François-Gaston Levis

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(August 20, 1719–November 26, 1787) French Army Officer

Levis was probably the most accomplished French military leader of the French and Indian War, with several impressive victories over the English to his credit. Had he commanded French forces in Canada at the beginning of that conflict, the inevitable outcome might have been contested much longer.

François Levis was born in Limoux, Languedoc, France, into an impoverished branch of an old aristocratic family. He joined the army at the age of 15 and was commissioned a second lieutenant in the Regiment de la Marine on March 25, 1735. For such a poor Gascon cadet, he enjoyed impeccable bloodlines and counted among his relatives the Duke of Levis-Mirepoix, soon to be a French marshal, who appointed him to his staff. From the onset, Levis proved himself a gallant and able soldier. He fought continuously and with great distinction throughout the War of the Polish Succession, rising to captain in 1737. Levis subsequently participated in numerous battles of the War of the Austrian Succession and also fought at Dettingen in 1743. After campaigning in Italy in 1747, he left his regiment to serve as a staff officer with a brevet rank of colonel and appointment as assistant chief of staff under the Prince de Conti. This position not only conferred greater respect on the young soldier but also afforded him greater pay. Nonetheless, Levis lacked the money to raise and equip a regiment of his own and was forced to look elsewhere for military and monetary advancement. In 1765, he volunteered to accompany Gen. Louis-Joseph de Montcalm to Canada and gained appointments as brigadier general and second in command of French regulars there.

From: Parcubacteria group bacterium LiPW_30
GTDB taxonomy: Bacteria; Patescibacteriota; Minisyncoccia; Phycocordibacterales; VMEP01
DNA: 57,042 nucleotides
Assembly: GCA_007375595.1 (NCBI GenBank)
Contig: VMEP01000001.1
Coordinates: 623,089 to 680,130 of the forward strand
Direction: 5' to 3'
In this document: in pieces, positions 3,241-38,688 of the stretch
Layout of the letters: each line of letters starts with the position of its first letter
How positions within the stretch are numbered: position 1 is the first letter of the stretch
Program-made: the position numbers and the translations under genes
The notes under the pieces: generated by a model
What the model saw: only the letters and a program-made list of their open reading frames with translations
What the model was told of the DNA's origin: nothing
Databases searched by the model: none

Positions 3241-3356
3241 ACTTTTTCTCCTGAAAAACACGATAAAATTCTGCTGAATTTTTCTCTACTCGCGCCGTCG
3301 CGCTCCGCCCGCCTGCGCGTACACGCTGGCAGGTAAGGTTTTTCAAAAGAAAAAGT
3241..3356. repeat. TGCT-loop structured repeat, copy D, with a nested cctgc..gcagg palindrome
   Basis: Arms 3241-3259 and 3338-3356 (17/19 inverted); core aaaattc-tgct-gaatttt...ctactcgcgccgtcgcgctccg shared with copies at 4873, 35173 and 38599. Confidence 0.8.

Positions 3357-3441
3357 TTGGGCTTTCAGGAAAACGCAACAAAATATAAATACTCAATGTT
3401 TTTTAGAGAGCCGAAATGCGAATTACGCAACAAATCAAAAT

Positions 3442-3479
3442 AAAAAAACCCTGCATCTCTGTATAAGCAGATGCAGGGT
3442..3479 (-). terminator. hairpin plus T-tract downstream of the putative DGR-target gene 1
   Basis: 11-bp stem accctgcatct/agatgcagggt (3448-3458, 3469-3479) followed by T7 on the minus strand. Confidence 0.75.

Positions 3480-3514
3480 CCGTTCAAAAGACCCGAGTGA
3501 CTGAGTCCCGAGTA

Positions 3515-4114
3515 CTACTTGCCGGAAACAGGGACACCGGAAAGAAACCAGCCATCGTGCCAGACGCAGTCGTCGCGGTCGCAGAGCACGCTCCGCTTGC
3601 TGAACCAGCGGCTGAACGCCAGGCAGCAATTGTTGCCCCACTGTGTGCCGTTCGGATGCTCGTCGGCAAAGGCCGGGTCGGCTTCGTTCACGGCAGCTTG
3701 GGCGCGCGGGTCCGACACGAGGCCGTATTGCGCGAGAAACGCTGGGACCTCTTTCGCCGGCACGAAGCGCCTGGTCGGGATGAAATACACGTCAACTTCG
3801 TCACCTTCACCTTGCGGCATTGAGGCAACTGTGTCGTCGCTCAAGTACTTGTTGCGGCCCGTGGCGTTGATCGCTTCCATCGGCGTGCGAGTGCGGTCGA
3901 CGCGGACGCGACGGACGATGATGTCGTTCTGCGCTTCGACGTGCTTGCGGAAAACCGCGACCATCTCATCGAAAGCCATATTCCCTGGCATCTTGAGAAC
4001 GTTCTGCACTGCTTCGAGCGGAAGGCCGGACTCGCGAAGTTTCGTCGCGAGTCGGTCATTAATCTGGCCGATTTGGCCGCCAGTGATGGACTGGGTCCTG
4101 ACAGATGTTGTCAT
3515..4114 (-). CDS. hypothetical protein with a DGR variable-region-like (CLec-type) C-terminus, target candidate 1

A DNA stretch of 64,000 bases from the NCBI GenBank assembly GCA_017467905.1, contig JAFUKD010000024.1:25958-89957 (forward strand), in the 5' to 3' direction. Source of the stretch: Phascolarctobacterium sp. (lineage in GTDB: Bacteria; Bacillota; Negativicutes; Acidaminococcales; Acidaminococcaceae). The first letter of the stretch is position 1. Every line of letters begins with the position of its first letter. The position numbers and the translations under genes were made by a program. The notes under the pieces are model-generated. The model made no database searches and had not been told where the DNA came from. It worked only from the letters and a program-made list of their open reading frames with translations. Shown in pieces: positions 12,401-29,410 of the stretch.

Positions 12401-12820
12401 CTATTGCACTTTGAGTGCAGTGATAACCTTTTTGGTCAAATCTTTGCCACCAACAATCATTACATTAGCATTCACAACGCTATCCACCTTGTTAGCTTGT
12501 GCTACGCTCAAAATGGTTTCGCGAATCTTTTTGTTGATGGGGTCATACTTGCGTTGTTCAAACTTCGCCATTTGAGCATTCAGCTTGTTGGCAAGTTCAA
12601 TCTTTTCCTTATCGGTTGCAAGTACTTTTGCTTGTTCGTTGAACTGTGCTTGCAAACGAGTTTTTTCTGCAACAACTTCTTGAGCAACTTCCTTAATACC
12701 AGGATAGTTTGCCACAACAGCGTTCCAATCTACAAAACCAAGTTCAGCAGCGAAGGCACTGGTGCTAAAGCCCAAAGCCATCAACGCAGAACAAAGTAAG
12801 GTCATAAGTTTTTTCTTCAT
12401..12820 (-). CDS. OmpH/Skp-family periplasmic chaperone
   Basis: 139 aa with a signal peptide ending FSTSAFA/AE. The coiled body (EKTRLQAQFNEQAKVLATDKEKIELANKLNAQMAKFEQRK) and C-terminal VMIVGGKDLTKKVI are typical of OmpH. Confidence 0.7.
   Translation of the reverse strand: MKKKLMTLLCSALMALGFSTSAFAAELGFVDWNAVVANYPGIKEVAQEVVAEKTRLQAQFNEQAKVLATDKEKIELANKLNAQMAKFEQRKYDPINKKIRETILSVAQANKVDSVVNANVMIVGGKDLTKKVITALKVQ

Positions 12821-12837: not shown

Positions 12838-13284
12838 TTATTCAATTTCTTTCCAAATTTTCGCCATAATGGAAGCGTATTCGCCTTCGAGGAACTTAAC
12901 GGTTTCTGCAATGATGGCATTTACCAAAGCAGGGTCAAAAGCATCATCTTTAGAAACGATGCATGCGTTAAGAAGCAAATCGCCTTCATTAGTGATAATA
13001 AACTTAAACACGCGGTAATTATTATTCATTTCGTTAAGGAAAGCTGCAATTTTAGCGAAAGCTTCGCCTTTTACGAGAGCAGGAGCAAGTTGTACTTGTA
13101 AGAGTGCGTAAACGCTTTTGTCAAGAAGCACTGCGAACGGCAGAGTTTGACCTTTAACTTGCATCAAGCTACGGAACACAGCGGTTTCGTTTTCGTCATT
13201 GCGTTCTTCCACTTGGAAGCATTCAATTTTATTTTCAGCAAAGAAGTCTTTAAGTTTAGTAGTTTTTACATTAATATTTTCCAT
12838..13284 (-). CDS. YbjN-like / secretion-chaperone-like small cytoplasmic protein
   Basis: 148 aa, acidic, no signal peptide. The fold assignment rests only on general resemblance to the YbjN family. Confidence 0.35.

No sooner had Levis arrived at Quebec in May 1756 than he became embroiled in the cross fire between Montcalm, his superior officer, and Pierre Rigaud de Vaudreuil, the governor-general. As a professional soldier, he studiously avoided personal politics, and the doughty Vaudreuil eventually came to express a great fondness for him. Levis was nonetheless carefully discreet in his dealings with the governor- general, however, lest the appearance of favoritism raise the ire of Montcalm. When the latter went off to successfully besiege British forts at Oswego, New York, Levis received an independent command along Lake Champlain. Little fighting occurred during this period of Levis’s career, but he became thoroughly acquainted with New World military tactics, including bush fighting with light infantry, Native Americans, and other irregular forces. In the spring of 1757, he accompanied a raid against Fort William Henry at the head of Lake George, New York, and the following summer accompanied the campaign against it. There Levis commanded the siege train, the transport boats, and the advance guard with consummate skill, but Montcalm’s inability to follow up his victory angered the governor-general. Again, Levis remained diplomatic toward both parties and astutely steered a neutral path. In fact, Vaudreuil was so impressed by his performance that he advised superiors back in France to promote Levis to major general.